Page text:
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Building A Career In Wind Energy

By Edited Apr 4, 2016 1 0

One of the fastest-growing forms of renewable energy is wind power, but this should really come as no surprise.  Wind energy is free, non-polluting, and extremely inexpensive in comparison to fossil fuels.  It’s no wonder that the American wind energy industry has grown to nearly 100,000 jobs in recent years, and future predictions indicate an even greater demand for skilled workers in this field.  But now that you know about the future of energy, you’re probably wondering how to get started working in this field!

Most wind energy farms require the services of many different specialties of skilled employees, to include engineers, scientists, and logisticians.  If you have any of these skills in your professional background, there may be a suitable job opening for you.  Take a look at some of these general career fields for more information:    

Aerospace engineers design, test, and supervise the production of wind turbines, blades and rotors, and use computing technology to conduct aero­dynamics assessments. These specialists are often involved with the selection of sites for new wind farms, and they also work closely with meteorological experts to determine the best locations and configurations of wind turbines.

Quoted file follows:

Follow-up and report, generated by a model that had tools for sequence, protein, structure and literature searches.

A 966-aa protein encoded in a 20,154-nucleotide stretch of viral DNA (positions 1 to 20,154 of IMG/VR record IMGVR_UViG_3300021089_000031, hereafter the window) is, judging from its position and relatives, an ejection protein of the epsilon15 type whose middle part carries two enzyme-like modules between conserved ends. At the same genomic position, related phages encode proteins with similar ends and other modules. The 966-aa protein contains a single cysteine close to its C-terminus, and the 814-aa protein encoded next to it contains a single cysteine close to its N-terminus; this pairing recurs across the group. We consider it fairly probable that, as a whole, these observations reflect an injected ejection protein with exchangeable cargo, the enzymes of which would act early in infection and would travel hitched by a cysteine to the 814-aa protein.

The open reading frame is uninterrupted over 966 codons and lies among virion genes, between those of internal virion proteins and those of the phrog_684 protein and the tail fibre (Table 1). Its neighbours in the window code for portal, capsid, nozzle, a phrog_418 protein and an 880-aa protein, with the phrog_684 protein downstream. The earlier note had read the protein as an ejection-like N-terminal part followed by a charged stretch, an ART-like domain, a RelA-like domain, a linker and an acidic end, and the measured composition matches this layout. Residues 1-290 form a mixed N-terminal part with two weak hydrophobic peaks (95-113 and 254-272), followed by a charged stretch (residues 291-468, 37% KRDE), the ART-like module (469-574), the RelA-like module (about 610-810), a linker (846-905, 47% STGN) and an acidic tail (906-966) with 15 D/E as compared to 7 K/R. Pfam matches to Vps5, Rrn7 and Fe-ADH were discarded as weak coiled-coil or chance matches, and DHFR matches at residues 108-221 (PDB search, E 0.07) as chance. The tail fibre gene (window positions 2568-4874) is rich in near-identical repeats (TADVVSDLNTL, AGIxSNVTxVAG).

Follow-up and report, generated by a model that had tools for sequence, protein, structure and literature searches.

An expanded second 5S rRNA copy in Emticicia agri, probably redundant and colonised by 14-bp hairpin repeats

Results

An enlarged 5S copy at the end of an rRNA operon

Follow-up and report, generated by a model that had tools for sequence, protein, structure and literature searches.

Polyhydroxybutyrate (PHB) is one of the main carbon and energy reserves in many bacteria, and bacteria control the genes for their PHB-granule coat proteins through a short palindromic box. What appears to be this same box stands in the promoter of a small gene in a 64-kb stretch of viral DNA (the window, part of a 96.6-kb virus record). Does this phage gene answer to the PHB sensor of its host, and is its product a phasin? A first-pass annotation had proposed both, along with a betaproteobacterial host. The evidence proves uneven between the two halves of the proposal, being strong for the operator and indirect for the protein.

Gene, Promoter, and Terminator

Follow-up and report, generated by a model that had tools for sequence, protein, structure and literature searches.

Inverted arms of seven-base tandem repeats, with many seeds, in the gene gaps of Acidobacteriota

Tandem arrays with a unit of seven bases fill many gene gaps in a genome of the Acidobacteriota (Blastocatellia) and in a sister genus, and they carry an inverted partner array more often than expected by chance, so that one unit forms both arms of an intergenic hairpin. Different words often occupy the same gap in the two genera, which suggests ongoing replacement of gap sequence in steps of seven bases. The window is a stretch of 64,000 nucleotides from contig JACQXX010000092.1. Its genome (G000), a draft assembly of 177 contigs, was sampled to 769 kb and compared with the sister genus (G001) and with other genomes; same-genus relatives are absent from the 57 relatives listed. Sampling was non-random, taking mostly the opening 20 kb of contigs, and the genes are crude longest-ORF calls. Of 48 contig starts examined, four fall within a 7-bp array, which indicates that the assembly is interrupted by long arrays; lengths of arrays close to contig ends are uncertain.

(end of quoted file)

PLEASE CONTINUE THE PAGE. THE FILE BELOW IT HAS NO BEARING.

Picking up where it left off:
Electrical engineers are responsible for designing, developing, testing, and supervising the manu­facture of the electrical components used in wind turbines.  These integral parts involve motors, gears and machinery, electrical lighting and wiring, backup power gen­erators, embedded communications systems, and transmissions equipment.

Civil engineers usually design and oversee the planning and construction of most wind farm facilities, including access roads, necessary support buildings, and other integral structures to include the towers and foundations portions of the wind turbine itself.  Because of the large size of wind turbines, civil engineers must be prepared to address some challenging manufacturing problems, such as designing and constructing roads and drainage facilities that can withstand tractor trailers carrying extremely heavy loads, often with trailers that are over a hundred feet long!  Seeing that most wind farms are currently located in the Midwest and Western United States, civil engineers must also ensure that wind farms are built to last in the face of extreme weather such as tornados and hailstorms.

Atmospheric scientists, or meteorologists, are responsible for mon­itoring the atmosphere around an existing or potential wind farm to ensure that there is enough wind to pro­duce electricity on a regular basis.  These scientists also assess whether the windspeed or other extreme weather conditions may be too risky for developing a wind farm.

As the renewable energy source of the future, there is nothing but growth ahead in the field of wind energy.  If you’re interested in learning more about building your career in the field of wind energy, feel free to seek out additional information and training courses.  Good luck!



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